For the month of November, CultureMap will celebrate Tastes of the Season, a series dedicated to seasonal eats, local purveyors and the best in holiday fare. But before we dive in, we must gird ourselves for that daunting dining journey and get everyone up to speed. How can we talk about local farms if we still don't know what a CSA is?
To that end, we've assembled a lexicon to get us on the same page about the newest culinary concepts and catchphrases. For each term, we supply the official definition, then follow it up with our own abbreviated translation, to make you an instant foodie in-the-know.
Foodie? What's that? Read on.
What they say: Still too frequently confused with artesian, artisan officially describes things made by hand, in small quantities, using top ingredients. But artisan has become a catchword that implies attention to detail and all-around "better."
What we say: Proof the word has no meaning includes Wendy's artisan egg sandwich, Starbucks artisan ham and cheese panini, and Domino's artisan pizza.
What they say: Most eggs come from chickens crammed into tiny cages, stacked on top of each other, rained on by the manure of other chickens, utter misery. Cage-free means the chickens are not kept in small cages.
What we say: "I've heard chickens have it bad, but eggs are something I must have."
What they say: Eating "clean" is a subjective term, but it's about eating fruits, vegetables, whole grains, grass-fed and free-range meats, and no pesticides, junk food, processed foods or sugar.
What we say: Clean is the current version of the '60s natural food movement, for people who wouldn't be caught dead calling themselves "hippies."
What they say: Conventionally raised food is grown with chemicals, pesticides, antibiotics and growth hormones.
What we say: It's what most of us eat.
What they say: Beer produced in small batches by independently owned brewers.
What we say: Small and indie does not equal good.
What they say: CSAs, a.k.a. community supported agriculture, lets consumers buy produce directly from a farmer by making a season-long pact. You sign up and get a box every week of whatever they grow.
What we say: You will learn many new ways to cook zucchini.
Farm to table
What they say: Restaurants use this buzzy phrase to imply that the food being served tonight came from ingredients just delivered by a farm nearby.
What we say: Sysco truck, I see you!
What they say: A "vegetarian" who occasionally consumes animal products such as dairy, eggs, meat or fish.
What we say: Being an "-arian" of some kind sure does make you look cool.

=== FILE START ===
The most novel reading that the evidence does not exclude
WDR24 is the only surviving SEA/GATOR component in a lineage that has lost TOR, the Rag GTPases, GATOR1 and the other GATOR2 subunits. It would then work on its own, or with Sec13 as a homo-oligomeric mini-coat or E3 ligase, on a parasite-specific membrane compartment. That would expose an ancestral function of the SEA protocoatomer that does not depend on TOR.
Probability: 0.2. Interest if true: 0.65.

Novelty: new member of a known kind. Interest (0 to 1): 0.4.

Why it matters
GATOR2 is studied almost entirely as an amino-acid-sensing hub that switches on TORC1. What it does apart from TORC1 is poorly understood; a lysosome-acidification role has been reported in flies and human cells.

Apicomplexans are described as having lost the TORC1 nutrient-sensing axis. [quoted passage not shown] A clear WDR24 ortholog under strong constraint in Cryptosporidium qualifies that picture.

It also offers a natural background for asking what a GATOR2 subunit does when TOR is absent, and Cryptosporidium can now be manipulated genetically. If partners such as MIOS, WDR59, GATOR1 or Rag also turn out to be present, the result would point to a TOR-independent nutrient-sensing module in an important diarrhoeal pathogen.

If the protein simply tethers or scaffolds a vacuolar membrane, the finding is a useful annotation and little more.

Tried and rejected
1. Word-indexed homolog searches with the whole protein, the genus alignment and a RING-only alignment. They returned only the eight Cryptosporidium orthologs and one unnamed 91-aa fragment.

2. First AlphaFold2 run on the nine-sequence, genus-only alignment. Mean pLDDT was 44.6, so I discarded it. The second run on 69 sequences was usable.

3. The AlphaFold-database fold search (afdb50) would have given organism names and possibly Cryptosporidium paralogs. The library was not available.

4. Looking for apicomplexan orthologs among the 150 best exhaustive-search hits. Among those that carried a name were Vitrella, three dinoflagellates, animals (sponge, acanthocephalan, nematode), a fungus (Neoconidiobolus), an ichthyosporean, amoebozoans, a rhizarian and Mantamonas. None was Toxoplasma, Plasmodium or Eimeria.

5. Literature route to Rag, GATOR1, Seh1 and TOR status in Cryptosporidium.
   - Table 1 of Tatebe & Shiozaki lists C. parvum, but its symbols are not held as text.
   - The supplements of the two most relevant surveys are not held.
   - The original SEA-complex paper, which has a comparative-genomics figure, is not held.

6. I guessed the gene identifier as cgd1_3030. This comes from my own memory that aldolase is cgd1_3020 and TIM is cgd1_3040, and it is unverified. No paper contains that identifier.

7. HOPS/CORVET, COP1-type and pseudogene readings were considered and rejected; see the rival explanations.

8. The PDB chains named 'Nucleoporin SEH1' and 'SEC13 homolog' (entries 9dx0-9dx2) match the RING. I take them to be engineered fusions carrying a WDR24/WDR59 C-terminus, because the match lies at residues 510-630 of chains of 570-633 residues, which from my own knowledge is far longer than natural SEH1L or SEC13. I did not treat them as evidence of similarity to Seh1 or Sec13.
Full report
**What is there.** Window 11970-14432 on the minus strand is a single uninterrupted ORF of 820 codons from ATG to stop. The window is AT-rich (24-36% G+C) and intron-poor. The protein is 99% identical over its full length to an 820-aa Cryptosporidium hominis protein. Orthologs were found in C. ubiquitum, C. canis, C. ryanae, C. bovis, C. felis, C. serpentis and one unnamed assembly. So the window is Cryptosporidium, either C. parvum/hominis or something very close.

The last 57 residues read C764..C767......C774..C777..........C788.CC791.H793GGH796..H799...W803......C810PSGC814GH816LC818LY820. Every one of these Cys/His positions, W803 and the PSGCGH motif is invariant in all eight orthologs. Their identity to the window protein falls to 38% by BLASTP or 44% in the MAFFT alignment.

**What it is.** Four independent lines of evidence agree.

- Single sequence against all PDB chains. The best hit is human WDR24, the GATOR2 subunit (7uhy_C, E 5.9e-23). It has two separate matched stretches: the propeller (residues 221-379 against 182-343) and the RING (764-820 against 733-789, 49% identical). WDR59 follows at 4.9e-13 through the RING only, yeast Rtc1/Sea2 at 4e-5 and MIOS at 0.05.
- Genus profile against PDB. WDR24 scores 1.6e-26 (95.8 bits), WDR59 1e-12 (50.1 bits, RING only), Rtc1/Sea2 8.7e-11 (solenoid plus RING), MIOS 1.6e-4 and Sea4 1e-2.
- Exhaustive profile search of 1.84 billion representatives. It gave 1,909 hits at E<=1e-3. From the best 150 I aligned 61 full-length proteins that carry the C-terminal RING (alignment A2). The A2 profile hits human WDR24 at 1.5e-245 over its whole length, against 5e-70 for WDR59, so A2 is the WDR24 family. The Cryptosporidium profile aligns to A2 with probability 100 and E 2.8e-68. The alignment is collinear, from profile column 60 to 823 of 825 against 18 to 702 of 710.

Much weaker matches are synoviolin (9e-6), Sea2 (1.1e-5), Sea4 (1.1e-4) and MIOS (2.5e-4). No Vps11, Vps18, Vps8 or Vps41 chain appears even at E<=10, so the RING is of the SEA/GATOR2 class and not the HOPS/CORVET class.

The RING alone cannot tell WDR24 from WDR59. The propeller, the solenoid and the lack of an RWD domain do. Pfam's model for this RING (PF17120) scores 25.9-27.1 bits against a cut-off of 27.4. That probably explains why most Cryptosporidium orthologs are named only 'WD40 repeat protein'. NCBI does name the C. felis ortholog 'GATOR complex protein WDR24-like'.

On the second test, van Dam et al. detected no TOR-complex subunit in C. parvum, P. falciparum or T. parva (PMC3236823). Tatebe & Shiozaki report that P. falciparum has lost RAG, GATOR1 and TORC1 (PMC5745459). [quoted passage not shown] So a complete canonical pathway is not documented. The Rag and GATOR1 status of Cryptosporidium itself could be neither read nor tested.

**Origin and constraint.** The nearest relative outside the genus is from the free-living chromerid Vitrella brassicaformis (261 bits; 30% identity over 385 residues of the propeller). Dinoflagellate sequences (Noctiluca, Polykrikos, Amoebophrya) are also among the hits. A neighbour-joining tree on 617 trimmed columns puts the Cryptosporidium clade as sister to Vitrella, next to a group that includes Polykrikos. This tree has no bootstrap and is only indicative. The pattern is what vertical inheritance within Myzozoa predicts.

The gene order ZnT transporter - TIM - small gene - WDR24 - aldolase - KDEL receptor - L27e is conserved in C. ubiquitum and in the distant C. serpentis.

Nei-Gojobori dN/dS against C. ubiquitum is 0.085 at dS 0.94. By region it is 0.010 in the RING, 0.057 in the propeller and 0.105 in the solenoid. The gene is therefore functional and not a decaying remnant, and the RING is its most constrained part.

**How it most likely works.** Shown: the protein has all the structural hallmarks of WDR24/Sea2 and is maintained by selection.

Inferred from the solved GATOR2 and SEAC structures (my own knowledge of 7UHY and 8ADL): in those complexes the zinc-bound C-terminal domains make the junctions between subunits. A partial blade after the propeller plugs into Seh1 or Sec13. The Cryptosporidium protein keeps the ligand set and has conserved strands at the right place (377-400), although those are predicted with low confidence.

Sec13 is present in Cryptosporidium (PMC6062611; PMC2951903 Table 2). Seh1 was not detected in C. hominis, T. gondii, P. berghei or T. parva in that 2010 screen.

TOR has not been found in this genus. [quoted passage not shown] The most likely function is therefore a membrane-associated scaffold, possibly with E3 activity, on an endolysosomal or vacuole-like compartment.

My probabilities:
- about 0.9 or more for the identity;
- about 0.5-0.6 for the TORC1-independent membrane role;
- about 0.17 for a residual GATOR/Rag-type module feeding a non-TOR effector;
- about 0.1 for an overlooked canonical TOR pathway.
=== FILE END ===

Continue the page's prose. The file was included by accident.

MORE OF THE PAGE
What they say: First seen in the 1984 book The Official Foodie Handbook, the term describes someone who eats out a lot, stays up on chefs and trends, and reads fun foodicles like this.
What we say: The word works because there is no better substitute. Stop crying. Own it.
What they say: This Los Angeles-born concept consists of a truck selling a few favorite "gourmet" items of the young foodie such as tacos, pizza and banh mi.
What we say: (Barely) glorified roach coach.
What they say: One step up from cage-free, a free-range chicken gets five minutes of open-air access per day.
What we say: "Cage-free doesn't seem like enough, but I have seriously got to have those eggs."
What they say: "I haven't actually been tested for gluten sensitivity, but every time I eat flour, I get heartburn and bloated and fatigue and skin rashes."
What we say: Does someone need extra attention?
What they say: Genetically modified organisms are crops that have been genetically engineered to grow better, faster, easier.
What we say: If you eat corn or drink soy milk, you're likely consuming GMOs.
What they say: The cow (or bison) subsists on grass instead of corn, resulting in meat that's leaner with a slightly gamy flavor. It's often sold by smaller companies.
What we say: Beef eaters in search of justification.
What they say: These big, oft-misshapen tomatoes are grown from seeds with a long history.
What we say: $5 a pound!
In the field
What they say: California-based Outstanding in the Field originated this roving dinner conceived to honor our farmers and chefs. Ingredients are supposed to be local and prepared by a celebrated chef. Everyone sups together at a single, long table.
What we say: It boils down to a sous vide dinner, with no elbow room.
What they say: Masters of the bar, they infuse, they steep, they muddle, they float, they "create."
What we say: Bartender with mustache.
What they say: Wizards in the kitchen, they whip up liquid balls of flavor, aromatic foams, smoked potatoes and ice creams flash-frozen with liquid nitrogen.
What we say: Still yearning for the chemistry set they didn't get for Christmas.
What they say: Me strong like my caveman ancestor.
What we say: This year's version of the Atkins diet.
What they say: Chef wraps menu around whatever produce is in season, be it tomatoes in the summer or butternut squash in the winter.
What we say: It's only really true in California, where produce grows year-round.
What they say: Growing food without harming the environment, workers or animals.
What we say: Most humans aren't real good at long-term thinking.
What they say: The mysterious, ineffable "fifth flavor" that's produced by amino acids and nucleotides but comes out tasting meaty or savory.
What we say: This word exists because the words "it tastes like a mushroom" don't sound foodie enough.
What they say: Word meaning "oily" has risen in popularity to accompany its friend pork belly, which it is commonly used to describe.
What we say: This is the go-to word for pompous food-critic wannabes.